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CNN ad pitches two rivals a curve

The ratings gauge it uses to claim more viewers than Fox and MSNBC is not the one advertisers typically look to.

July 17, 2009|Joe Flint

Cable news channel CNN's latest ad campaign is raising quite a few eyebrows and has a competitor crying foul.

In a new television spot aimed at getting advertisers to spend more on the network, CNN proclaims it is "No. 1, with more viewers than Fox and MSNBC." The ad goes on to say that CNN has held the top spot for seven years in a row.

This came as a news flash to Fox and MSNBC, considering that both top CNN in the ratings. During the second quarter, Fox News -- which has been handily beating CNN since January 2002 -- more than doubled CNN's audience in prime time and for the entire day. Even MSNBC, a onetime also-ran in the cable news wars, topped CNN in weekday prime-time ratings for the first time in the second quarter.

At issue is the metric that CNN is using in the advertisement to back its claim. The cable news channel is attributing its No. 1 status to a cumulative number that reflects anyone who watched CNN for six minutes in a given month, a tidbit it chose not to disclose in the ad.

For The Record
Los Angeles Times Tuesday, July 21, 2009 Home Edition Main News Part A Page 4 National Desk 1 inches; 29 words Type of Material: Correction
CNN campaign: In a Business article Friday about a CNN ad campaign claiming "more viewers than Fox and MSNBC," the name of MSNBC personality Rachel Maddow was misspelled Maddows.

That metric, known in the industry as "total viewers," is not one that advertisers traditionally use when determining where to spend their money. The total viewers figure does not measure how many people watched most of a program, but rather the number who tuned in for at least a few minutes.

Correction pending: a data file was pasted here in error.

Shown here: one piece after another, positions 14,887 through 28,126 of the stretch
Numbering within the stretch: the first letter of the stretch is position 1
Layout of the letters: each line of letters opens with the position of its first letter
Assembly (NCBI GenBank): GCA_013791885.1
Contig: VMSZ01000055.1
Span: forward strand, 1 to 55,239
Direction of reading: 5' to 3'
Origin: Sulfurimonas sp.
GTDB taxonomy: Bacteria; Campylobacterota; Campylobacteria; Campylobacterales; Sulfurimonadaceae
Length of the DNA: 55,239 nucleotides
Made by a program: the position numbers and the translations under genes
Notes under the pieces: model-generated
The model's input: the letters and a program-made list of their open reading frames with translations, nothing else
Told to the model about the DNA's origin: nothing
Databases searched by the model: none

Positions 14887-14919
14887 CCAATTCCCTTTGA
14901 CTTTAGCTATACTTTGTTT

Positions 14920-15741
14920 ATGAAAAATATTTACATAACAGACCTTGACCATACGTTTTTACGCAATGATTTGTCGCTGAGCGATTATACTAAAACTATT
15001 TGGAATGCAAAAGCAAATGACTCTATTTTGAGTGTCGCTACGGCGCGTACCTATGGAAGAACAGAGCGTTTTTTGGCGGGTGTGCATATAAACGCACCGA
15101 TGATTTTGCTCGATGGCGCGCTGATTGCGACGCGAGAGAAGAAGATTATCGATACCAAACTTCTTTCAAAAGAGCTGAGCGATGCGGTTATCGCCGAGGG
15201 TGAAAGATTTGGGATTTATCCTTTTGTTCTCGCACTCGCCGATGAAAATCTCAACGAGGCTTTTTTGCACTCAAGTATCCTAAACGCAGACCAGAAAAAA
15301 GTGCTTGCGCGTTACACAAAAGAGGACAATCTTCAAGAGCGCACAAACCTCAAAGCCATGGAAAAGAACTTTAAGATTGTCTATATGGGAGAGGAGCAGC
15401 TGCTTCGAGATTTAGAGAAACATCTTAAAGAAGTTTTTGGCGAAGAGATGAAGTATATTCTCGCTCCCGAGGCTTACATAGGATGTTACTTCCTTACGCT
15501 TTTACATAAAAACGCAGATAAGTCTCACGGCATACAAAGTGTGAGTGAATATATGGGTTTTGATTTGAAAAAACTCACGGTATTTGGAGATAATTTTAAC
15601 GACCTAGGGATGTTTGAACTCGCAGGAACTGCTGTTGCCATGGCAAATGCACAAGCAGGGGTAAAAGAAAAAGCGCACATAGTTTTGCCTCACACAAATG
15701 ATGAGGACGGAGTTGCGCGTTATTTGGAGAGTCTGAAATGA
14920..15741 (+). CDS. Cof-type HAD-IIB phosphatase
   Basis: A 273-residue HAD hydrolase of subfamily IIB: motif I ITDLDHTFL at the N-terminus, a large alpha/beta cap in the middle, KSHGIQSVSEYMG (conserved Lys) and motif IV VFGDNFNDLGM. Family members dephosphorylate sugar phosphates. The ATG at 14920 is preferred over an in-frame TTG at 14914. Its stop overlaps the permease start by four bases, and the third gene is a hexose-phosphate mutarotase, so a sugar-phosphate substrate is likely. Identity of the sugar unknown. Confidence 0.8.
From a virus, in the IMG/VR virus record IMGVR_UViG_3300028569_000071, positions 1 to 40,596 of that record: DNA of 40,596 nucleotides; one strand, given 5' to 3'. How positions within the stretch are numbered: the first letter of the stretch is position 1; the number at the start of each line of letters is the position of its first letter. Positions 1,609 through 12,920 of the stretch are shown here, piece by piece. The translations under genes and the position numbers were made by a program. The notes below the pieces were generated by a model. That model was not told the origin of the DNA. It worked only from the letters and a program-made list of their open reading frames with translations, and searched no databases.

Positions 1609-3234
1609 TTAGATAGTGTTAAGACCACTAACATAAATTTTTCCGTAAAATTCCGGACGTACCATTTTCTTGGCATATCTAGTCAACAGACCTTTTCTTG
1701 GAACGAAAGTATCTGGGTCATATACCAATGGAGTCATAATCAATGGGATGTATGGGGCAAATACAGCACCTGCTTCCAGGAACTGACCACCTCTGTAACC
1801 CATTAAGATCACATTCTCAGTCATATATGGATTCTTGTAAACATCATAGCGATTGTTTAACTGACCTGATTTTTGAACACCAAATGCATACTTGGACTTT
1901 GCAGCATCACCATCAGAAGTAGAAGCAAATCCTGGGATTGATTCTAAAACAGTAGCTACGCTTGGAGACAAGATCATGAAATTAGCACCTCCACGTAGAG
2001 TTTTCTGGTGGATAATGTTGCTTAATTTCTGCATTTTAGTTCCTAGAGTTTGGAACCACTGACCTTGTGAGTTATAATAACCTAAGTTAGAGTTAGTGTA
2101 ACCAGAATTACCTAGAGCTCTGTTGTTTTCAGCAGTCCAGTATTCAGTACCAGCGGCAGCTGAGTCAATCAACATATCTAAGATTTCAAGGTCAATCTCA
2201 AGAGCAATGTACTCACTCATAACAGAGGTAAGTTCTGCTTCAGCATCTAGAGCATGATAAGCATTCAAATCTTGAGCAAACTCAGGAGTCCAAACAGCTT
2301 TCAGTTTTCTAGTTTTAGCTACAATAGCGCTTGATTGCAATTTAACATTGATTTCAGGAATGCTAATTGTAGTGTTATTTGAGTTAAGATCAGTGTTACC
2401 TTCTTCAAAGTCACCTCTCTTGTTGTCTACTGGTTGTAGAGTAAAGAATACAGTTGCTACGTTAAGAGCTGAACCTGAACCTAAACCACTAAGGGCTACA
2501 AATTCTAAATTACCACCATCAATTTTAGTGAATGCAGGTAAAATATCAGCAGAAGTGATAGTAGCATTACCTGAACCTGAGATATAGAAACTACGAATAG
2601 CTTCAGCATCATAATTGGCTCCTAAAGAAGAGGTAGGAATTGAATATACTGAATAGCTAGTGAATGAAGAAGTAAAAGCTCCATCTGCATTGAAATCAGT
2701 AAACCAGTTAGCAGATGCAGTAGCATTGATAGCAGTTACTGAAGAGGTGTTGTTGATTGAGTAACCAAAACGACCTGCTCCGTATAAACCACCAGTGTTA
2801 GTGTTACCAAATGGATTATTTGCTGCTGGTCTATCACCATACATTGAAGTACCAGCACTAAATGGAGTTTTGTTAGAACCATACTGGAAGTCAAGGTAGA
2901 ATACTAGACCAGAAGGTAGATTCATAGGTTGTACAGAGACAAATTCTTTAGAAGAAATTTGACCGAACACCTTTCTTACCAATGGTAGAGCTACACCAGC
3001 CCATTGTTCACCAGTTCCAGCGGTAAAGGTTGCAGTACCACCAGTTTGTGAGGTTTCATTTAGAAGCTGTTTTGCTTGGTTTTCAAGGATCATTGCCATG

For example, 33.6 million people watched a few snippets of Major League Baseball's All-Star game Tuesday night, but only 14.6 million people viewed the entire game. The latter figure is the number that determines advertising rates.

Andy Donchin, an executive vice president at Carat, an ad-buying firm that spends heavily on cable news, said that the metric CNN used was an odd choice.

"We want to reach loyal viewers who tune in for longer lengths of time . . . and hopefully are more engaged," Donchin said.

CNN launched the campaign to convince advertisers that the all-news channel has momentum in the ratings. The network, which always does well during breaking-news stories, has always struggled in its efforts to establish a strong lineup of shows built around personalities. For example, it has pumped a lot of money into Campbell Brown's show at 8 p.m. and Anderson Cooper's at 10 p.m., but neither has broken through the way the network would have liked.

At the same time, MSNBC, owned by NBC Universal, has emerged as a legitimate competitor. "Countdown With Keith Olbermann," "The Rachel Maddows Show" and "Hardball With Chris Matthews" have been beating CNN's prime-time lineup recently, and the cable channel has taken out a lot of ads in major newspapers touting that fact.

MSNBC is calling CNN's ad "fiction" and has asked ratings service Nielsen to weigh in. Although Nielsen approves all print ads based on its data, it does not require such approval for TV spots. But if questions about a TV spot are raised, Nielsen can step in and request that claims be substantiated on screen. Nielsen has sent a request to CNN to discuss the spot.

"If we see it is misleading, we will advise them to change it," a Nielsen spokeswoman said.

Said MSNBC spokeswoman Alana Russo: "MSNBC beat CNN in prime time last quarter. It seems to have driven our competitor from news to fiction writing."

CNN spokeswoman Carolyn Disbrow countered that the ad was "based on fact" and added that "MSNBC is just anxious because they are not only behind CNN in the total number of individuals watching television each month, but they are trailing CNN on the Web and among the Web and television combined audience as well."

As for Fox News, spokeswoman Irena Briganti was doubtful the spot would work with advertisers or with Jeff Bewkes, chief executive of CNN parent Time Warner.

"Jeff Bewkes is too smart to buy [CNN U.S. President] Jon Klein's [nonsense]," she said.

--

joe.flint@latimes.com

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